Why Animal Rights Groups Are Divided Over November's Meat-Sales Vote

The Humane Society says California's Prop. 12 would be the world's strongest protections for animals raised for human consumption. PETA wants voters to reject it.

All of the Above? The Ancient Voting Method One City Might Adopt

Advocates say "approval voting," which has never been used in electoral politics, offers voters more flexibility.

Most States' Tax Systems Worsen Income Inequality

A new report ranks the most and least fair tax systems.

Not Just Georgia's Brian Kemp: Other Secretaries of State Accused of Abusing Elections Power

Kemp faces allegations of using his position to suppress minority voters and gain unfair advantage in the governor's race, highlighting the office's increasing partisanship and potential for conflicts of interest.

• Democrats Maintain the Edge in Secretary of State Races
List of streaming services on a screen.

A Second State Could Ban Service Taxes

As taxes on Netflix and yoga gain favor as a way to raise revenue, a movement to stop them is growing. In November, the debate heads to Arizona.

In Year of Strikes, Education Plays a Big Role in Elections

Education has emerged as an issue this fall beyond school board and superintendent races.

People react outside of Chicago City Hall after a jury convicted Jason Van Dyke of second-degree murder in the police shooting of 17-year-old Laquan McDonald.

2 Cop Convictions in 2 Months: Is This a Tipping Point in Police Accountability?

Fatal police shootings rarely result in convictions. In Chicago and Texas, they just did.

Homeless Donations Are Missing Something: Tampons

A nonprofit helped Athens, Ga., address this often-ignored need and wants to expand its services.

Maskell, Nebraska, City Hall

Welcome to America's Smallest City Hall

Photos and musings from our photographer.


The Best Way to Build a Culture of Evidence-Based Government

Successful efforts to bring the use of data and research into decision-making are both top-down and bottom-up.


The Economy Is Booming. So Why Are Cities' Revenues Still Lagging?

The structure of their tax systems doesn't align with their evolving economies.


Want to Be a Good Leader? Rely On a Little Help From Your Friends.

Communities can’t address the big issues without collaboration.


$1 billion

Amount by which California's summer tax revenues exceeded projections.

A woman smoking a marijuana joint.

Is the Midwest Ready for Recreational Marijuana?

Voters in Michigan and North Dakota could be the first in the region to legalize the drug. Supporters say passage would "shock the country ... and affect federal change."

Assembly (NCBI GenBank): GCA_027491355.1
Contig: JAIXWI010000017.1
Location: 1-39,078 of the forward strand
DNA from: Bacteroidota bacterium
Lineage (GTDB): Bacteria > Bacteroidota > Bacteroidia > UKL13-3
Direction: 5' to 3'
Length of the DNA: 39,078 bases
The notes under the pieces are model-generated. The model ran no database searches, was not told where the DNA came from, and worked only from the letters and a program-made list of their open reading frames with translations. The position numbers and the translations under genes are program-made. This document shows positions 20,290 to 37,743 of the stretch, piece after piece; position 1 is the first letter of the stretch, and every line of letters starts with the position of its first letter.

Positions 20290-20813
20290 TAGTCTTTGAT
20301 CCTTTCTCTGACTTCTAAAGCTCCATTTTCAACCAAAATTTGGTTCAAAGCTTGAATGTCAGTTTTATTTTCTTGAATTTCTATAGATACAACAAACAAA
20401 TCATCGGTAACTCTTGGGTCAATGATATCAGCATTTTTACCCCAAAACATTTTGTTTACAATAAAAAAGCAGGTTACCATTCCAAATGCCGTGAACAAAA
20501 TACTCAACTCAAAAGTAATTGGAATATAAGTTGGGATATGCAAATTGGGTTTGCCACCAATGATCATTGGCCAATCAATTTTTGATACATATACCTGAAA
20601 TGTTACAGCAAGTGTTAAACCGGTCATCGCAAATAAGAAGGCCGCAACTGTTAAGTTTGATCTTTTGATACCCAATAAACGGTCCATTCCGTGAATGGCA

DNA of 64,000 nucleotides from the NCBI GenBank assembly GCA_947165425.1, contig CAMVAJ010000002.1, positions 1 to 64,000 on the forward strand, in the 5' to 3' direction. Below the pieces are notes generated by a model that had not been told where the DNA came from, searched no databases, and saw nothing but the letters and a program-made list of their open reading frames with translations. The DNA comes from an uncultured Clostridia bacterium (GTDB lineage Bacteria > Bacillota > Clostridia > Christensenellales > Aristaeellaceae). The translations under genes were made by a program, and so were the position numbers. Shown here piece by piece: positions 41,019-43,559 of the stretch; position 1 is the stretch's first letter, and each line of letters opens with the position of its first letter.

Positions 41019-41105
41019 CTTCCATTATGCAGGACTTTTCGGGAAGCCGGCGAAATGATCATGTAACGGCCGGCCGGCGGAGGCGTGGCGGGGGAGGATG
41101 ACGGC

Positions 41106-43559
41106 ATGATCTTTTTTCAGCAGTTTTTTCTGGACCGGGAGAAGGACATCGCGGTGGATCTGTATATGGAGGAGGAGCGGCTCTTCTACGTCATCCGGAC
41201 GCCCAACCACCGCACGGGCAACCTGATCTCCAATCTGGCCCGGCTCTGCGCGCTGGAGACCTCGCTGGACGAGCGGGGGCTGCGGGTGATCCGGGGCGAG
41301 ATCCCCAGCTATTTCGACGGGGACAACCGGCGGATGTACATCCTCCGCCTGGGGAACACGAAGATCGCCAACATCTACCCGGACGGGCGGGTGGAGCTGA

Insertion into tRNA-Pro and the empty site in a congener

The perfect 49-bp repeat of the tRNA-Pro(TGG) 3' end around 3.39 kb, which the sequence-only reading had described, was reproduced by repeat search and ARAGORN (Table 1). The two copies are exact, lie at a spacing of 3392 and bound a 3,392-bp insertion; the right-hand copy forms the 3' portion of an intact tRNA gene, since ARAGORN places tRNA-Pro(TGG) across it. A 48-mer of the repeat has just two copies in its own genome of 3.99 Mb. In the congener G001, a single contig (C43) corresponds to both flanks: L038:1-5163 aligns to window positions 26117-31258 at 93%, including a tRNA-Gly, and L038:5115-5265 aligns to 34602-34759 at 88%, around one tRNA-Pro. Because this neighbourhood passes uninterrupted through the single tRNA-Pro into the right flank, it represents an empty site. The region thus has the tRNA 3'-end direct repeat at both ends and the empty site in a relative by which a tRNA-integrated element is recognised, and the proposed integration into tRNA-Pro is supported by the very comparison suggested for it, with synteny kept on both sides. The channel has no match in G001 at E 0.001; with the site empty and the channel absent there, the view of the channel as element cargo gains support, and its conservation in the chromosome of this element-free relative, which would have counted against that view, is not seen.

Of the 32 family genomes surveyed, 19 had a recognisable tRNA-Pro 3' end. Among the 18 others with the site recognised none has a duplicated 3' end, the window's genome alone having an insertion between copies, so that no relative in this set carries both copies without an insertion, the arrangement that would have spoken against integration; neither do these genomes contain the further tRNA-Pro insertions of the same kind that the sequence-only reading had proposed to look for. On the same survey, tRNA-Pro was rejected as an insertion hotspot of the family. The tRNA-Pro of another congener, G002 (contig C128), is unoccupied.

• California's New Marijuana Law Is a First But Likely Not the Last

It's a Big Year for Voting Rights at the Ballot Box

There is an "unprecedented" number of measures this fall designed to make voting and registration easier. There are also some that would make voting harder.

Trump Administration Releases Final Rule for Legal Immigrants Using Public Benefits

It is not as strict as the leaked version but would still drastically limit what benefits they could use without risking green cards or permanent residency status.

• Midterms Give Voters Their First Say on Immigration in Trump Era

A Month Before Election Day, Democrats Poised for Legislative Gains

While they likely won't win a majority nationwide, the party is poised to gain control of some chambers. How many depends on the size of the potential blue wave.

• After More Than 30 Years, the Leader of State Legislatures to Step Down

Underneath This 'Pop-Up Forest' Is an Abandoned Highway

Akron, Ohio, calls it the Innerbelt National Forest.

This Is What Happens When a City Shuts Down Mental Health Clinics

This country has never had an effective public policy toward mental illness. In Chicago, things seem to be getting even worse.

How Public Employee Benefits (Beyond Pensions and Health Care) Compare to the Private Sector's

At a time of low unemployment, both kinds of employers are beefing up their perks.

A close-up of a copy of the Colorado Constitution.

Slavery Is Still a Legal Punishment. Voters in One State Have a (Second) Chance to Abolish It.

In 2016, Coloradoans voted against abolishing slavery in prisons -- a clause that exists in the U.S. Constitution and several states'. This year, the issue is back on the ballot.